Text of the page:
Here’s How To Deal With Pro-Abortion DAs Who Won’t Enforce Abortion Bans

Here’s How To Deal With Pro-Abortion DAs Who Won’t Enforce Abortion Bans

It is becoming increasingly clear that with the likely overthrow of Roe coming very soon, some pro-abortion District Attorneys elected in states where the Abortion Trigger Bans have been passed have openly declared war on their state’s pro-life law. 1

Abortion Trigger Bans are, of course, those laws passed in states that will go into effect where abortion will be banned when Roe is destroyed. Many of these prosecutors have said they will view enforcement of these bans as a low priority, indicating that they are unlikely to charge an abortionist for performing an abortion within their jurisdiction.

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This poses a problem with the enforcement of the pro-life abortion trigger ban that has come into effect. While none of these Abortion Trigger Bans contain any provisions that could prosecute them, the intent is to target the abortionist and abortion providers in general. Essentially, if the law were enforced, the abortionist or those who work for the abortionist would be prosecuted. By making the statement that they will refuse to uphold the pro-life law, these DAs have essentially done two things: 1) they have said it is safe for abortion practitioners to practice and perform abortions within their jurisdiction 2 ) the enforcement of the law within their jurisdiction.

Of course, most pro-lifers will ask themselves: What can be done to prevent this? Fortunately, a few avenues can be followed to destroy these DAs who refuse to do their job and don’t understand the need for a true culture of life.

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Option One: The Attorney General of the State

Some states may have the power to allow the attorney general’s office to investigate and prosecute these offenders if these prosecutors refuse to prosecute. However, there are several states where this is not the case or is sufficiently unclear. Some conditions may want to pass legislation that allows the state Attorney General’s office to investigate and prosecute if a local DA refuses.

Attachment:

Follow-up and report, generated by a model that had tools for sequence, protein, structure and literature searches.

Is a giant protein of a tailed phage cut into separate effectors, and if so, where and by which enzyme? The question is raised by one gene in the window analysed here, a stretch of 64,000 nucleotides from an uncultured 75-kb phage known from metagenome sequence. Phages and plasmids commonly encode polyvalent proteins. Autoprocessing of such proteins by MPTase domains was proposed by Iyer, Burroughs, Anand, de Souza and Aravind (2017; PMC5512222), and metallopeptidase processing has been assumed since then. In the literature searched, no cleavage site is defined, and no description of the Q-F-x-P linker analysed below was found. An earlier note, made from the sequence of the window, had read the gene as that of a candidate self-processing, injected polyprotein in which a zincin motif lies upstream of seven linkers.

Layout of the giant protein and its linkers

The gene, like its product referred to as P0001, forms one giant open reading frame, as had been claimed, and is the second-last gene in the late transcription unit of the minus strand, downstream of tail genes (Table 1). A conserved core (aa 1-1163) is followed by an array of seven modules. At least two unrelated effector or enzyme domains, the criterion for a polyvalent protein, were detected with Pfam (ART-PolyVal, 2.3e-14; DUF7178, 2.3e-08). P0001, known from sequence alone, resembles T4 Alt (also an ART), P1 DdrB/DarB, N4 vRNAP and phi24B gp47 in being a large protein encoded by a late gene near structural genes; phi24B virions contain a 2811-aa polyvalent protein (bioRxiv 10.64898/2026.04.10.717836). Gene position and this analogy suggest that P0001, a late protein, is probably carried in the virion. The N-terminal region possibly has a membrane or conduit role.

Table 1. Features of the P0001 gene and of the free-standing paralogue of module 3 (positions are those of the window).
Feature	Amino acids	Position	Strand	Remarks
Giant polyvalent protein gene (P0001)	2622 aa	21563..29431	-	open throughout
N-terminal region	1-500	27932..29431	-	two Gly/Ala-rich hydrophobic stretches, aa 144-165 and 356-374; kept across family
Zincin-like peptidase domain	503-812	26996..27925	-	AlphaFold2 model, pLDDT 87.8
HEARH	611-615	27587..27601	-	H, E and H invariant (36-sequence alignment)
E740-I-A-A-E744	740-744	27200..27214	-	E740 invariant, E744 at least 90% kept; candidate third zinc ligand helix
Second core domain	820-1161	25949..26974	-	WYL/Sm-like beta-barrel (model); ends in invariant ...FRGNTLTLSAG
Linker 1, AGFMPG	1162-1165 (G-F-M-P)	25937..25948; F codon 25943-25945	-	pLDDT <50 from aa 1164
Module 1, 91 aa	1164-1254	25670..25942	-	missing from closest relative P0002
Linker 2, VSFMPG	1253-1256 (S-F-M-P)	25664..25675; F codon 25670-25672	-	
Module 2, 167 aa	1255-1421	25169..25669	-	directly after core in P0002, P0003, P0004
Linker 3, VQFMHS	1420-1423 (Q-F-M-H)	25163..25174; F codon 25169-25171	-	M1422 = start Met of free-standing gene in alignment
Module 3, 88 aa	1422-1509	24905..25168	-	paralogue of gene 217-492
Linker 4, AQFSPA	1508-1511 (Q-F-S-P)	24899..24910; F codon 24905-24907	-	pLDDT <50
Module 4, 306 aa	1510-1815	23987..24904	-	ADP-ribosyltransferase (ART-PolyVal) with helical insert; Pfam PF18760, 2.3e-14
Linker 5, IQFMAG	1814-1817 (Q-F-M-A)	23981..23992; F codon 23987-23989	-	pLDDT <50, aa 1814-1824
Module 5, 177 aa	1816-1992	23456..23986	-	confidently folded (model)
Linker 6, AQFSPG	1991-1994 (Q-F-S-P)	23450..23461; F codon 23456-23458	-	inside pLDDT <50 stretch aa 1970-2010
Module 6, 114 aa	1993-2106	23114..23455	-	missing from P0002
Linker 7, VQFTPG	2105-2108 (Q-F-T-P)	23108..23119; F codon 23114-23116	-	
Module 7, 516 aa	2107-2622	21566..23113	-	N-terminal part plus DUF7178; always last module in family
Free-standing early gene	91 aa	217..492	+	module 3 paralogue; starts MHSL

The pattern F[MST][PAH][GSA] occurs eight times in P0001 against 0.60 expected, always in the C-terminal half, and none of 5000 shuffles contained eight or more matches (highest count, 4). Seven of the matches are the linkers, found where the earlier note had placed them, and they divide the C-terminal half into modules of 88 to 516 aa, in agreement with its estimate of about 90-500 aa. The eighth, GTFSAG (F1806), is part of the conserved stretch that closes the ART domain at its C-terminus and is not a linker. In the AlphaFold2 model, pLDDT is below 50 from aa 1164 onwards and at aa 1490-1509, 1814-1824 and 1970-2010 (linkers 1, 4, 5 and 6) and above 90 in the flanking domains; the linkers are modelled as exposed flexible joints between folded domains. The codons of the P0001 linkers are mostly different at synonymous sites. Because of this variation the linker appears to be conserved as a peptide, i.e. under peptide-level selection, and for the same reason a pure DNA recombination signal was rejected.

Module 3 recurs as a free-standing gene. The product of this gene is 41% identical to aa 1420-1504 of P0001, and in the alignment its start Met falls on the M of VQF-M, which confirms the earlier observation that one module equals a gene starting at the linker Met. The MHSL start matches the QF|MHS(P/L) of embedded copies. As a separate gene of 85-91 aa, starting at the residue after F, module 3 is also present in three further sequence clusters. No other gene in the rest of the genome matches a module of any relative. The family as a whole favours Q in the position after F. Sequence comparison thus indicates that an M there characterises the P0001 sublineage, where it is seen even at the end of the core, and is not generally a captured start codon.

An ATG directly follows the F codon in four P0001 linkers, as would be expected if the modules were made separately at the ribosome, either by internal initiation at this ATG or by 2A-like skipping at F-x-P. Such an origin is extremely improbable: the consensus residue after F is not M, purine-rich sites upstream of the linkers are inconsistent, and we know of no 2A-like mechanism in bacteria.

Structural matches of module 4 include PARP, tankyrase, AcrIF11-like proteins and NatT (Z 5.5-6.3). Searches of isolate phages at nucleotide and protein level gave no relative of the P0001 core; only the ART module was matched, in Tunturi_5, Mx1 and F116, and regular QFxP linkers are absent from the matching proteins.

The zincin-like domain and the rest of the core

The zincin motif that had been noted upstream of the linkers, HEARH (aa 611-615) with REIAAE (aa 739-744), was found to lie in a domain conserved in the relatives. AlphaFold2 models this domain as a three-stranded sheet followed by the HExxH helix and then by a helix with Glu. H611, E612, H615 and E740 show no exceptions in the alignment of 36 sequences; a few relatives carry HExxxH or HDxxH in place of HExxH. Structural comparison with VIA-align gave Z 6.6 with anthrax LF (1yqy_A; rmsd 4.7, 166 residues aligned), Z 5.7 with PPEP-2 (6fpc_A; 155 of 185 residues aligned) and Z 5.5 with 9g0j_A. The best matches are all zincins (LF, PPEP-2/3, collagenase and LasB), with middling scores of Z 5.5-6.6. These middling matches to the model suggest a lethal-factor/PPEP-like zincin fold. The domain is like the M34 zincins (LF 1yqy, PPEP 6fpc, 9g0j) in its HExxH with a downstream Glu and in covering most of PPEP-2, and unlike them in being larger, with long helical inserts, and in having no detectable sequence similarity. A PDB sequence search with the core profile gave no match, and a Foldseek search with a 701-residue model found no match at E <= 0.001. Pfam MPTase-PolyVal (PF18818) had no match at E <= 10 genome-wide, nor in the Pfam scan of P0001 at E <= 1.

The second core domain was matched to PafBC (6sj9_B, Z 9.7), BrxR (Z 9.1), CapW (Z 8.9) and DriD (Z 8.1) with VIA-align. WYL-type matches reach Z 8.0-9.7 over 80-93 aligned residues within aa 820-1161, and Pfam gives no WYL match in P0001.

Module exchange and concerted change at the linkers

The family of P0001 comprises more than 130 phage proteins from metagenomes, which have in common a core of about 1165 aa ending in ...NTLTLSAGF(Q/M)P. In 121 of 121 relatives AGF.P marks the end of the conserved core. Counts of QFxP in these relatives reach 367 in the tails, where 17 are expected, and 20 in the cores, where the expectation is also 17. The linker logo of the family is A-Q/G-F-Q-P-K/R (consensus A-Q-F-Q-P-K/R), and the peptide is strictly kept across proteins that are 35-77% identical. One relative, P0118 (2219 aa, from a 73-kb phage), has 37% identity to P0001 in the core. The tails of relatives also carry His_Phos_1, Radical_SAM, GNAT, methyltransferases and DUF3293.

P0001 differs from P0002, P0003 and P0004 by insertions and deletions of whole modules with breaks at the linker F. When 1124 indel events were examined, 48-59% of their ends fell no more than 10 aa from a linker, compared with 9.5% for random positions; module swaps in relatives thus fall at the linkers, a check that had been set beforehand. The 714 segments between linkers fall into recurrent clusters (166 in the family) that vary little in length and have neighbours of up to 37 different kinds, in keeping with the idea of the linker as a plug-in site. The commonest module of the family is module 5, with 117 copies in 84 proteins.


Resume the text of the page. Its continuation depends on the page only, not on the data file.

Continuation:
In some ways, these local DAs are begging for a political fight with their state legislators and the state attorneys general offices. In some other respects, it is political greatness. A solid red state will most likely pass such legislation precisely because it wants its pro-life abortion ban to be effective. Some local prosecutors may lobby against it, but those efforts are likely to fail. The advantage of such legislation is that the state can investigate and then prosecute those who break the law properly. But the main benefit is that it aligns that local jurisdiction with the rest of the state. This is a very important point here that will be discussed below.

Option Two: Pro-Life Private Enforcement Mechanism

Some other states may want to add another enforcement mechanism, the private enforcement mechanism. This enforcement mechanism is quite well known as it is the mechanism by which citizens, any citizen, the abortionist, or those assisting with the abortion can sue for breaking the law. This mechanism is infamous for being a provision within the Texas Fetal Heart Rate Act. It has become a model for Idaho’s Fetal Heartbeat Law and Oklahoma’s Abortion.

Ban. This mechanism is also tied to many of the Sanctuary for the Unborn Ordinances issued in various cities across the country.